Megan: To be clear, what you don’t mean by that… You’re not letting your entire team have input on the vision. It’s not writing by committee. You’re inviting key stakeholders in. Usually, if you have an executive team or a leadership team or a partner, somebody or somebodies like that, you’re going to invite those people into the conversation, but you’re not really ceding your authority. You’re not saying, “You guys make this your own,” but you do want to hear feedback and then incorporate it with wisdom as you look toward finalizing it.

Larry: That’s really the same as any good writing process. I think the myth is that writers go off into a cabin in Vermont and produce these masterpieces, but actually, there’s a lot of input by editors and other people into the writing process.

Michael: Totally. I was once in a company where the CEO came in and said to the executive team, “We need a vision. Our stockholders expect us to have a vision, but it’s not really my thing, so I’m going to appoint Michael to be in charge of this, but I want you guys to come up with a vision, and then once you get it, come share it with me.” Well, it doesn’t really work that way. You can’t delegate the vision thing to somebody else. It needed to start with him, and then we could give input and we could end up shaping it together, but he couldn’t just abdicate, and neither can you.

Larry: Well, today we’ve learned that any leader can generate a clear vision for the future by using these four steps. Step one: set aside the how. Step two: stand in the future. Step three: record what you see. Step four: let it simmer. Any final thoughts today?

Megan: I think this is really doable. You may be thinking right now or you may have at least thought in the past, “Gosh, this seems so overwhelming. Maybe I’m one of those people for whom this is not my thing.” But this is actually a doable thing. This is something you have inside of you already, and the task is really to get it out of your head and onto paper where you can do something with it.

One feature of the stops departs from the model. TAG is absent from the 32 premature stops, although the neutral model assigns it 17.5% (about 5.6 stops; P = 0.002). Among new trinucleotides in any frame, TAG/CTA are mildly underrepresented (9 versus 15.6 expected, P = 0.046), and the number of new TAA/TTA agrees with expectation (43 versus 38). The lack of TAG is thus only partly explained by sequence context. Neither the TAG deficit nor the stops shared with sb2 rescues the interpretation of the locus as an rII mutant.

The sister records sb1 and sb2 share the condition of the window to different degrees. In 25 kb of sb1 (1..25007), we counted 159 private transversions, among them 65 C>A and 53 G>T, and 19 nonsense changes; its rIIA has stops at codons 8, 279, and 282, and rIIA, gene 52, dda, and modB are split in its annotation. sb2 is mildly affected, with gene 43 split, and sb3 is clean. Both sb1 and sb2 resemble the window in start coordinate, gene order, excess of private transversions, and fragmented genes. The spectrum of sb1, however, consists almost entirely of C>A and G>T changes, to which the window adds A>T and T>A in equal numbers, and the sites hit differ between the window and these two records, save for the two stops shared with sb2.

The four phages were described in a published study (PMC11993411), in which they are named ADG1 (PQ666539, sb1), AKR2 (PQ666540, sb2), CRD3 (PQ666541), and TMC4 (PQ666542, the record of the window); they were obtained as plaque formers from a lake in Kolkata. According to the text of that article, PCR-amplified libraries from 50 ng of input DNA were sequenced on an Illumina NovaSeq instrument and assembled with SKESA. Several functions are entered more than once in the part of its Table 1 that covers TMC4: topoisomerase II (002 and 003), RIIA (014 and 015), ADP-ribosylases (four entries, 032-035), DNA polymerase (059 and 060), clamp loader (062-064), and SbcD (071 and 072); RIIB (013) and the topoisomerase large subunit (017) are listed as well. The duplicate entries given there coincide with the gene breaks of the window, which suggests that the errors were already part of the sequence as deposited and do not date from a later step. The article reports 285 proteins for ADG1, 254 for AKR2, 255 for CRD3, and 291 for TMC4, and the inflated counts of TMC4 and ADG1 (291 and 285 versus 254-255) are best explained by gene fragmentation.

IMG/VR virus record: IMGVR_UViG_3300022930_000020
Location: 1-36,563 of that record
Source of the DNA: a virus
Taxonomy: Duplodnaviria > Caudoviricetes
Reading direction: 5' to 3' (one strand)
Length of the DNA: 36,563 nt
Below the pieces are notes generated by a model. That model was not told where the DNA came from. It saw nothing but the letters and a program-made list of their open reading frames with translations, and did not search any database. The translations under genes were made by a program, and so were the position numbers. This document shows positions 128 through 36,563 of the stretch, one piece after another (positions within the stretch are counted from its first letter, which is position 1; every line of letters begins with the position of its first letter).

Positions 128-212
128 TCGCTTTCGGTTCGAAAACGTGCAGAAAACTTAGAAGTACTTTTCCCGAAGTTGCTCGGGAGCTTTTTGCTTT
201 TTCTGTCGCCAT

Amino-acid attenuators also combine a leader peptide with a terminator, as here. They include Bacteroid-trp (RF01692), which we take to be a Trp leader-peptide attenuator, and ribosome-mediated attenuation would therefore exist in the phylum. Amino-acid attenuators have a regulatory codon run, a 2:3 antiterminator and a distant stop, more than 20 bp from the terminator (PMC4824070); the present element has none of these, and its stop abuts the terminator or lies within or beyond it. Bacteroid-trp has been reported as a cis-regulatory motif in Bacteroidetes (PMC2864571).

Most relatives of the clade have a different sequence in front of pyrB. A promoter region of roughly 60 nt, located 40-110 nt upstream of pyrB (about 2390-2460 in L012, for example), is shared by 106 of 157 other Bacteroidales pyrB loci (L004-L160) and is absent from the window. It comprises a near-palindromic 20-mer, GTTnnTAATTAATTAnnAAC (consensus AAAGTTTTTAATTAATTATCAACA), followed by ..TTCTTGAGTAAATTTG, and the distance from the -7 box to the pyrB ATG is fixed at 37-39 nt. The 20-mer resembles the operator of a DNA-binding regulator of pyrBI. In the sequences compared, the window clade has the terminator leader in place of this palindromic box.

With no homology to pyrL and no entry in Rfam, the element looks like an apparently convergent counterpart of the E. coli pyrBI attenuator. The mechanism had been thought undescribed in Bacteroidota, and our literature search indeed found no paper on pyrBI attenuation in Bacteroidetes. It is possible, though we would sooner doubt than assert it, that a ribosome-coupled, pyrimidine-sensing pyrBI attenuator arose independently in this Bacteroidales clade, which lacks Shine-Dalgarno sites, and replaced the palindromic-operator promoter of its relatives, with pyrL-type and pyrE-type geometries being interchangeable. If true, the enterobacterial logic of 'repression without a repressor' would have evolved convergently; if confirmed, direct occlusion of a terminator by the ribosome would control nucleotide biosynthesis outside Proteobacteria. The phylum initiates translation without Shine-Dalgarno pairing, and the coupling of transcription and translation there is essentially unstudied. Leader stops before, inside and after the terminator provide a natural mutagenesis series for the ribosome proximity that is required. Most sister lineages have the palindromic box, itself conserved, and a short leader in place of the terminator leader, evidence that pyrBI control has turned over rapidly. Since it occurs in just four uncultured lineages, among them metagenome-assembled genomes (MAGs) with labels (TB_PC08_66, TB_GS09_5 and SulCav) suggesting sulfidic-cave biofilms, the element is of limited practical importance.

If you kind of demystify it; if you understand there are some simple steps to follow; if you give yourself permission that it doesn’t have to be perfect; if you give yourself permission that it’s a little bit challenging, that it’s okay if it’s hard, that it doesn’t mean anything bad about you as a leader if it’s challenging, you’re going to get there, and your company is going to be so much better for it, not to mention your future.

Michael: One of the common complaints I hear from our BusinessAccelerator coaching clients is they’re frustrated because they see with their teams a lack of alignment. There’s a lot of sideways energy. They have a hard time on execution. The other thing I see is they sometimes complain about a lack of engagement. Their employees seem to be not engaged. They don’t really buy into the mission and all that. All that can be cured, or at least as a prerequisite, there has to be a vision. You can’t get alignment unless there’s something to align toward or align with.

Vision is that thing you align the team with. It’s something that gives direction to execution and to the work of today. It’s also the thing that produces engagement. If people don’t know what they’re building and why they’re building and where this whole thing is going, it’s very difficult for them to engage. Vision can cure all that. So, this is not some nice thing that would be a great ornament to hang on your business if you can get it. No, this is an essential. This is fundamental. It’s foundational. You have to create a vision.

Larry: Well, thank you both for sharing these insights, and I want to mention again for our listeners that as you’re thinking about foundational things here near the start of 2020, be sure to get this free resource Michael has created: 3 Strategic Pitfalls to Avoid in 2020. That’s available right now at

Michael: Larry, thanks, and thank you all for being with us today. We’ll see you right here next week. Until then, lead to win.